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Doctors alert patients of enlarged lymph nodes, result of COVID-19 vaccination

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Janette Stinson, a licensed practical nurse with Fetter Healthcare, gives a COVID-19 vaccine to a patient at a drive-thru clinic at Greater St. James AME Church in Summerville on Feb. 4, 2021. Lauren Petracca/Staff

While vaccines are steadily becoming more prevalent in surrounding communities, doctors are cautioning patients about enlarged lymph nodes in the armpit area, caused by the COVID-19 vaccine, that may be mistaken as signs of cancer during routine mammogram screenings.

The reports began coming in early throughout the nation, according to Dr. Brian Mahon, Breast Imagist at Trident Medical Center. Reports allowed doctors on a local level to become more informed about the issue before seeing it in the office. 

A release sent out by Imaging Specialists of Charleston on April 6, said that doctors at Imagining Specialists were warning patients to reconsider certain procedures after receiving the vaccine. Dr. Brian Burke, Cross Sectional Imagist at Imagining Specialist, explained in the release that experts suggest getting your mammogram done either before being vaccinated or waiting six weeks after receiving the vaccination before coming in for screening.

“However, if you feel a new lump, you should get it checked out right away,” Burke said.

Mahon says that this reaction is not something that is unique to the COVID-19 vaccine. Similar swelling, which essentially serves as your body's result to the virus, can occur with many other kinds of vaccines.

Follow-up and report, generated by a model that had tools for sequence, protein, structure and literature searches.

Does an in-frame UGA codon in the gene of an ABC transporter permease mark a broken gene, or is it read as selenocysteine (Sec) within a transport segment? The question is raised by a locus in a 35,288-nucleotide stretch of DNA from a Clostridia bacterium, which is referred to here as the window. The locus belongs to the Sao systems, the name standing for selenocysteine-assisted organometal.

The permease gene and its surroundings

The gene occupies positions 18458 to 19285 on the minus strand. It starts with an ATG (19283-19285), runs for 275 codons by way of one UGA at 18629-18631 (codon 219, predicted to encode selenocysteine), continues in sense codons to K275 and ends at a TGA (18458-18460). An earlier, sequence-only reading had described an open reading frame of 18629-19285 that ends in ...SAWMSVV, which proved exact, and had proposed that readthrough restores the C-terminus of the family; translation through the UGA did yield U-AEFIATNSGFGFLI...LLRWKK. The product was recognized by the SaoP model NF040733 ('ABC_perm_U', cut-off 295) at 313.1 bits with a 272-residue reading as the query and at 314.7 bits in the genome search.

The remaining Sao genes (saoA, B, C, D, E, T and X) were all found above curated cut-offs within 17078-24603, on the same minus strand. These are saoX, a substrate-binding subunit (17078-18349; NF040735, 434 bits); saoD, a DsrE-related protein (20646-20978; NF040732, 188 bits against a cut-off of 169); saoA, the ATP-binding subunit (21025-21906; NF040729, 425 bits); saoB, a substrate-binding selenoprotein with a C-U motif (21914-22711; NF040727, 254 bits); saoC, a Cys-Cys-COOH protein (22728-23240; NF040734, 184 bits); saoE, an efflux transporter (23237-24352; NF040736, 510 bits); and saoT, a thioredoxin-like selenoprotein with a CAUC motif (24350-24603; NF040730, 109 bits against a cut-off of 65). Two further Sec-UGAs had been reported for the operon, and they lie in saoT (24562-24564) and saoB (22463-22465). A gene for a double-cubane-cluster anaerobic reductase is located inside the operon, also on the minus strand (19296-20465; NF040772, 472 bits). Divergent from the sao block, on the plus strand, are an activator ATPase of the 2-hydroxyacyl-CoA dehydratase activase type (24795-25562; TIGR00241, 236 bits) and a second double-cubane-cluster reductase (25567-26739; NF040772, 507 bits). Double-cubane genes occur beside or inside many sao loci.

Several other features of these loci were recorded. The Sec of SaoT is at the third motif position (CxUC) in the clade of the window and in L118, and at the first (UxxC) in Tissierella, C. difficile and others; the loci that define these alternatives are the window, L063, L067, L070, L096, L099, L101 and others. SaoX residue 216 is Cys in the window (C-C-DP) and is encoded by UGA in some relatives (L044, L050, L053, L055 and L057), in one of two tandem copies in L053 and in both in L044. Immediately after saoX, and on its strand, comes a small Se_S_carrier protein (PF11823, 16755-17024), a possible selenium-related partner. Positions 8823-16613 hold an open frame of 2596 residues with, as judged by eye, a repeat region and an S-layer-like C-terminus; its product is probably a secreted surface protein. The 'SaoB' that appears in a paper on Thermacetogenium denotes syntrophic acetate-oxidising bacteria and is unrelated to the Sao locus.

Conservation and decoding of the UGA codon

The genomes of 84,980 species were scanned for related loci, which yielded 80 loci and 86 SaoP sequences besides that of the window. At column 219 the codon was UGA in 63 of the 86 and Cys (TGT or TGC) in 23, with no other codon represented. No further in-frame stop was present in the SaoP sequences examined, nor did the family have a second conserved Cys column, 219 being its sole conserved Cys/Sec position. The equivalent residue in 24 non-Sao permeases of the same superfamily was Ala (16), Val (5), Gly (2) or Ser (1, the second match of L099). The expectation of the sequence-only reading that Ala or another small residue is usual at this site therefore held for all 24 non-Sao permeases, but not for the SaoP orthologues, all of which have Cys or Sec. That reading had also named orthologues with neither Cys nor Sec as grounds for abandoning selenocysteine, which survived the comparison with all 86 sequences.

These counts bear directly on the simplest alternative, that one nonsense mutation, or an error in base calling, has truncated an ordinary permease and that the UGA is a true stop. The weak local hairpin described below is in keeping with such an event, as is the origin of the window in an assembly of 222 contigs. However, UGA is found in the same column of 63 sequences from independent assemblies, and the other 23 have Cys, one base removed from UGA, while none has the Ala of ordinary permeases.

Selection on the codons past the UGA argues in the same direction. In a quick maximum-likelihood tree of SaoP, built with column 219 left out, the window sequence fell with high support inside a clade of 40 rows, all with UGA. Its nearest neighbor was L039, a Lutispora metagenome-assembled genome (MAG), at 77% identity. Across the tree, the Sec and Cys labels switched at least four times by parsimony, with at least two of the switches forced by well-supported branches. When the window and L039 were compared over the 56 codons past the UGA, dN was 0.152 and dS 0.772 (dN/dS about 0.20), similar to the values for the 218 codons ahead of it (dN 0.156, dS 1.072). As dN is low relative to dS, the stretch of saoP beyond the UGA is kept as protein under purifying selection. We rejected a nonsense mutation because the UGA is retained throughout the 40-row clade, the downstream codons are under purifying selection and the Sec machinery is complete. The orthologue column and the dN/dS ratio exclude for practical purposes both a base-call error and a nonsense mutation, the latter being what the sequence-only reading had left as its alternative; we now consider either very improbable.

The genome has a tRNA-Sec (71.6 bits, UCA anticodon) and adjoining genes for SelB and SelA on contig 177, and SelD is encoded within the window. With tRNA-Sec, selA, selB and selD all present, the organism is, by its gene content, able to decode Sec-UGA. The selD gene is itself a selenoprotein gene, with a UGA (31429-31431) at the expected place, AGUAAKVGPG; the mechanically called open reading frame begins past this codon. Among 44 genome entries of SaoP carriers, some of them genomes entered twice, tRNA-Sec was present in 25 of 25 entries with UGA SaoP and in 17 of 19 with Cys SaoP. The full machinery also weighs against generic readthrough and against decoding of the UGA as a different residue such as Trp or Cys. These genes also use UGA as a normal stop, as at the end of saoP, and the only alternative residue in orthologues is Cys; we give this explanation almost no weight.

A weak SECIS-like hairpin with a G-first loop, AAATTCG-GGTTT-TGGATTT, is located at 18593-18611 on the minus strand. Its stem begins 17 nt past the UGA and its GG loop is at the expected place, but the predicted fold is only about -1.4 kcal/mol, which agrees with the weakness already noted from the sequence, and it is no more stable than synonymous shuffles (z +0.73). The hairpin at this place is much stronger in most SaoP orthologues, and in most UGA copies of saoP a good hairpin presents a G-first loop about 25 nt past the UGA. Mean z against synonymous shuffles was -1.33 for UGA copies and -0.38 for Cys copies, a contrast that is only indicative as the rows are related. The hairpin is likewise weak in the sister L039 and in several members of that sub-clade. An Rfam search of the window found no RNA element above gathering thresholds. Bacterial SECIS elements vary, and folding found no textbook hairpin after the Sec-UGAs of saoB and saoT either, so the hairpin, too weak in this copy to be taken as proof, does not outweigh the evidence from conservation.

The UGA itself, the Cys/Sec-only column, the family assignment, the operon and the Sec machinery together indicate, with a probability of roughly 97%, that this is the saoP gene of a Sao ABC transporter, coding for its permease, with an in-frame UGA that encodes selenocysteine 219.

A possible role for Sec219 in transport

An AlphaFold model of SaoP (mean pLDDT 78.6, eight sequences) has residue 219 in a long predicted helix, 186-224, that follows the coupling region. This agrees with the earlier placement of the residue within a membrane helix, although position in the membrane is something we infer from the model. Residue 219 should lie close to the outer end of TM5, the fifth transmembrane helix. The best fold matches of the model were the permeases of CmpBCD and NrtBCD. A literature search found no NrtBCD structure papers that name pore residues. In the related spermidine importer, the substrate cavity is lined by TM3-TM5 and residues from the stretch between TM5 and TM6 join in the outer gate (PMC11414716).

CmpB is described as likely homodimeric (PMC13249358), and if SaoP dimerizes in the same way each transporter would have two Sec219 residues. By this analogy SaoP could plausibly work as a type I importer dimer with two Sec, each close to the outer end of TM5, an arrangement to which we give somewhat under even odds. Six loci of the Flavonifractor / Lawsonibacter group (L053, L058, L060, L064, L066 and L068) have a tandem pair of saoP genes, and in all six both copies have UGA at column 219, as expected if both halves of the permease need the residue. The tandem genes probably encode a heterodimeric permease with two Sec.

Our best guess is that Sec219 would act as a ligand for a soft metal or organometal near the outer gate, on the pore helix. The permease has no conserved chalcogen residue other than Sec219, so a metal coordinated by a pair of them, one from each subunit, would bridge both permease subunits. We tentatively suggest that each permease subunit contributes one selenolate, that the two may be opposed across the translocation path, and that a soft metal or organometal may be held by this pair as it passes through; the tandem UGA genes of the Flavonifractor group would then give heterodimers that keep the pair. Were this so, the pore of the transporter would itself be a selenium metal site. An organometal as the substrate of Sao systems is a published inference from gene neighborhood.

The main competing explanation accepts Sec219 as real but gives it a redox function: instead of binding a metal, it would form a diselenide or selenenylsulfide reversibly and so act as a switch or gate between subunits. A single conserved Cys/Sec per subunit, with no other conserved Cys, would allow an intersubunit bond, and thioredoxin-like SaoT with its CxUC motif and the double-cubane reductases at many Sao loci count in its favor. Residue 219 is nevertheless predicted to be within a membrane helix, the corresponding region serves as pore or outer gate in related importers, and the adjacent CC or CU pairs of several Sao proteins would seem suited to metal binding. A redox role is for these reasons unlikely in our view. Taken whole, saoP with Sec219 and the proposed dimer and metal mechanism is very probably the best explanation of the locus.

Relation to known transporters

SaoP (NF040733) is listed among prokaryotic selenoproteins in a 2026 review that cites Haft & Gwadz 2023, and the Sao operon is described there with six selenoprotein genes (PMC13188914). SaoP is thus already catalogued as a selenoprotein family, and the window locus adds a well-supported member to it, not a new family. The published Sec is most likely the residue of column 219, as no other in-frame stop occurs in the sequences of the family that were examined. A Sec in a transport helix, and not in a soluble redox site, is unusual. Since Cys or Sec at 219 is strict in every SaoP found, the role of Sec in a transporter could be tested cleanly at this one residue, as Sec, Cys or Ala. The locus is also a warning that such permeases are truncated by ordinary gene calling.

“What's happening is your lymph nodes are doing their job, they're getting enlarged because they are working,” Mahon says. 

Mahon says the portion of people this is affecting is very small, and those that do come in showing lymphadenopathy, the swelling of lymph nodes, on the side where they were vaccinated are easier to detect now with the screening. When checking in for their appointment, patients are being asked to fill out a form that documents if they had been vaccinated, when the date of their vaccination was and which side they were given the vaccine in.

Mahon says, similarly to Burke, that in a perfect world, patients would wait 4-5 weeks after their last vaccine, in order to give any potential swelling an opportunity to resolve before coming in to get their mammogram.

“After reviewing the minimal literature and minimal guidelines that are out there about how we should handle this potential side effect, what we don't want is patients to get this vaccine — and it's a very small percentage of those people that are getting lymphadenopathy — and think 'well i'm just going to wait a year I don't want to deal with it',” Mahon says.

The risks of putting off the yearly screening, Mahon says, are far higher than coming in and finding that there is swelling from the vaccine.

While studies are being made relating to the vaccine in the world of breast cancer, Mahon says there are absolutely no proven links to the vaccine and breast cancer itself.

“Just because it's sort of impacting the realm of breast cancer work-ups, I don't want people to think ‘oh I gotta stay clear of this [vaccine]. I already have some sort of elevated lifetime risk I’m just going to skip the vaccine,’” Mahon said.

“You have to have a little faith in us and make sure that wherever you are going they are up to date,” Mahon said. “You shouldn't be worried that you are going to have a higher risk of cancer with this, there's no link there.”